Taking STEM Education on the Road

by Julie Barr on June 26, 2015 · 0 comments

in Alumni Life, In the News, Public Service, Student Life, Travel

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The Spokes American team leaving Washington, DC: Simon Shuham, Brian Wagner, Jorge Troncoso ’18, Drew Bent ’18, Shadi Fadaee, Francesca Childs, and Tola Omilana.

On June 1, Drew Bent ’18 and Jorge Troncoso ’18 arrived in Washington, DC, after a nine-hour drive from Boston. The end of this trip marked the official start of their summer-long journey—biking across the country in an effort to rethink education as part of the Spokes America team, a collaboration with edX and Teach for America.

Spokes was founded in 2013 by two MIT students, Claire O’Connell ’14 and Turner Bohlen ’14, as a way to combine their interests in biking and teaching. O’Connell and Bohlen brought on Philip Daniel ’13, Titiaan Palazzi, and Jeff Prouty ’14 along with a few students at Harvard and one from Columbia for their first cross-country trip. This year’s team includes two students from MIT and five from Harvard. Together, they will bike across the country from Washington, DC, to San Francisco and along the way, hold 12 learning festivals to incite a passion for STEM education in children across the country through hands-on, project- and exploration-based teaching methods.

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Drew Bent ’18(right) teaching a computer science workshop

The learning festivals are located in mostly rural communities at schools, libraries, engineering spaces, and home-school networks for students in grades 5-12 and feature three different workshops. The computer science workshop shows students how to program using Scratch (the digital programming language that came out of the MIT Media Lab), the mechanical engineering workshop shows students how to build and launch model rockets, and the electrical engineering workshop shows students how to build a small robot. The Spokes team knows they can’t teach the kids everything they need to know about programming or robotics, but their goal is to get them excited about something they may not have been exposed to in this way before.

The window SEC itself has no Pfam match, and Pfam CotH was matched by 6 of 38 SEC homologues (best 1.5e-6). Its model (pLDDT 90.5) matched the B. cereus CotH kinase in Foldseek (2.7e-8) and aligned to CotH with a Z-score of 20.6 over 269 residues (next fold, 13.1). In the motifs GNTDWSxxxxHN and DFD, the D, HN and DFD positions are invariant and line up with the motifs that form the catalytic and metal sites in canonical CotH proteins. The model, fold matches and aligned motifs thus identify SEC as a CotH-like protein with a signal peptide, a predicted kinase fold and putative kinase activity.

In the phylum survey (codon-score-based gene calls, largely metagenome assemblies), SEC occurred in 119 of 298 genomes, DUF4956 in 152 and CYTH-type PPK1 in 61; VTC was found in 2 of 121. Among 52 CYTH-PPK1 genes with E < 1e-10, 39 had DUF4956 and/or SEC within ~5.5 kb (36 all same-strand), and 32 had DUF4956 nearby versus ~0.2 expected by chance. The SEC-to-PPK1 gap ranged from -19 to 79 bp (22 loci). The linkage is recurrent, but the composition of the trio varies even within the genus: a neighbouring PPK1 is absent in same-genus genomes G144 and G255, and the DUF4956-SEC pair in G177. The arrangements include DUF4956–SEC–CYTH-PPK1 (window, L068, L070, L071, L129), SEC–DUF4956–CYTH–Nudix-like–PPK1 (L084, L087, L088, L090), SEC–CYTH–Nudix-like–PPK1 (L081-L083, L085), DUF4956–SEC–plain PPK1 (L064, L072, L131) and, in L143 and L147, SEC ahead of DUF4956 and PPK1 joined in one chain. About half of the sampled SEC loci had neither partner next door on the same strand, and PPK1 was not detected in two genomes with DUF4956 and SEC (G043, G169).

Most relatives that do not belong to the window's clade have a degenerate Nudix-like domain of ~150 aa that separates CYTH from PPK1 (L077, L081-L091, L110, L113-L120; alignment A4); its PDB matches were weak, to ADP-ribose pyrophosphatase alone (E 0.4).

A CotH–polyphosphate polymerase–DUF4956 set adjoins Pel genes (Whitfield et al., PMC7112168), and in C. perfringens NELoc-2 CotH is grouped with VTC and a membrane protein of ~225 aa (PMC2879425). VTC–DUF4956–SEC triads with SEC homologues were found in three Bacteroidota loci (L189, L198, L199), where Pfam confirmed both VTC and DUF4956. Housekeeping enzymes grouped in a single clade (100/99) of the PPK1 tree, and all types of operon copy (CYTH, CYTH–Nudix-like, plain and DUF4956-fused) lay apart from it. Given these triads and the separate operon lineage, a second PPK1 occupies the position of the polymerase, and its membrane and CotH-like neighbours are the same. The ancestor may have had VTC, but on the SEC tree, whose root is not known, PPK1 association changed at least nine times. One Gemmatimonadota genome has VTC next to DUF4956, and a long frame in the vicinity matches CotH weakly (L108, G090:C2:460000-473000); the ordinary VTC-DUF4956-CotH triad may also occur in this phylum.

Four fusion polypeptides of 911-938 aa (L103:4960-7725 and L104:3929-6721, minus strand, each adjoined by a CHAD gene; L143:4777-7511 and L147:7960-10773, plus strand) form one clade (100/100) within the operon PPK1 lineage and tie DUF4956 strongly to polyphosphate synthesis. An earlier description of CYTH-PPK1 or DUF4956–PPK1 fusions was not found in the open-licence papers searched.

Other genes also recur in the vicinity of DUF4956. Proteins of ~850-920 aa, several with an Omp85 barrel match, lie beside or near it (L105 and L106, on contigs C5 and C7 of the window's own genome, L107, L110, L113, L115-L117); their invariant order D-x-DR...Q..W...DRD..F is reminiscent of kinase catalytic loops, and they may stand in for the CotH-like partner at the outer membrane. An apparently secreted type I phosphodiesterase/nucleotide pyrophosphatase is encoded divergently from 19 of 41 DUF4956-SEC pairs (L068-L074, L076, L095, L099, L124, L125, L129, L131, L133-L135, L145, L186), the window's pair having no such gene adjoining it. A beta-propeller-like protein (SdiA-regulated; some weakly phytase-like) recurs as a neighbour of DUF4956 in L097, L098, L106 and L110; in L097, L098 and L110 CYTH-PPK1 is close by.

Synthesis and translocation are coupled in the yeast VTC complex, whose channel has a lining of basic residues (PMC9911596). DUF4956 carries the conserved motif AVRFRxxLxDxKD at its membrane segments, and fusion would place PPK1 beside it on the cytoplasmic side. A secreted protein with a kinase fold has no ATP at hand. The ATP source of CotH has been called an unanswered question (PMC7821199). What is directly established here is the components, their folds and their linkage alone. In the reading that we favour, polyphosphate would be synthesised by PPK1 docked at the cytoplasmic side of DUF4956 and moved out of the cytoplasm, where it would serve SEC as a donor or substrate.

They’ve only held three festivals and already they can see the value in their work. “The most rewarding part of the journey is seeing how our workshops make a difference in the lives of our students,” says Troncoso. At their first stop in Hazard, KY, several students ran across issues with their robots and weren’t able to complete them. “When the students came back the next day,” says Bent, “we were surprised to see that their robots were working—they’d gone home and spent the whole night fixing the problems.”

The results they have had from the teaching portion of their trip is just the beginning—they are thrilled at the opportunity to get to bike across the country, push themselves physically and mentally, and see the US from a very different vantage point. “We try to show the students how dedicated we are,” says Bent. “We come with our bikes and we actually use the bikes in the workshops. It means a lot to them that we traveled to their towns from half-way across the country, especially given that some of them traveled up to three hours to get to us.”

Spokes is one of several student clubs and teams supported by the Edgerton Center. The team has gotten national recognition, with coverage from The Associated Press as well as many local newspaper and television channels. Follow their blog to see how the trip is going.

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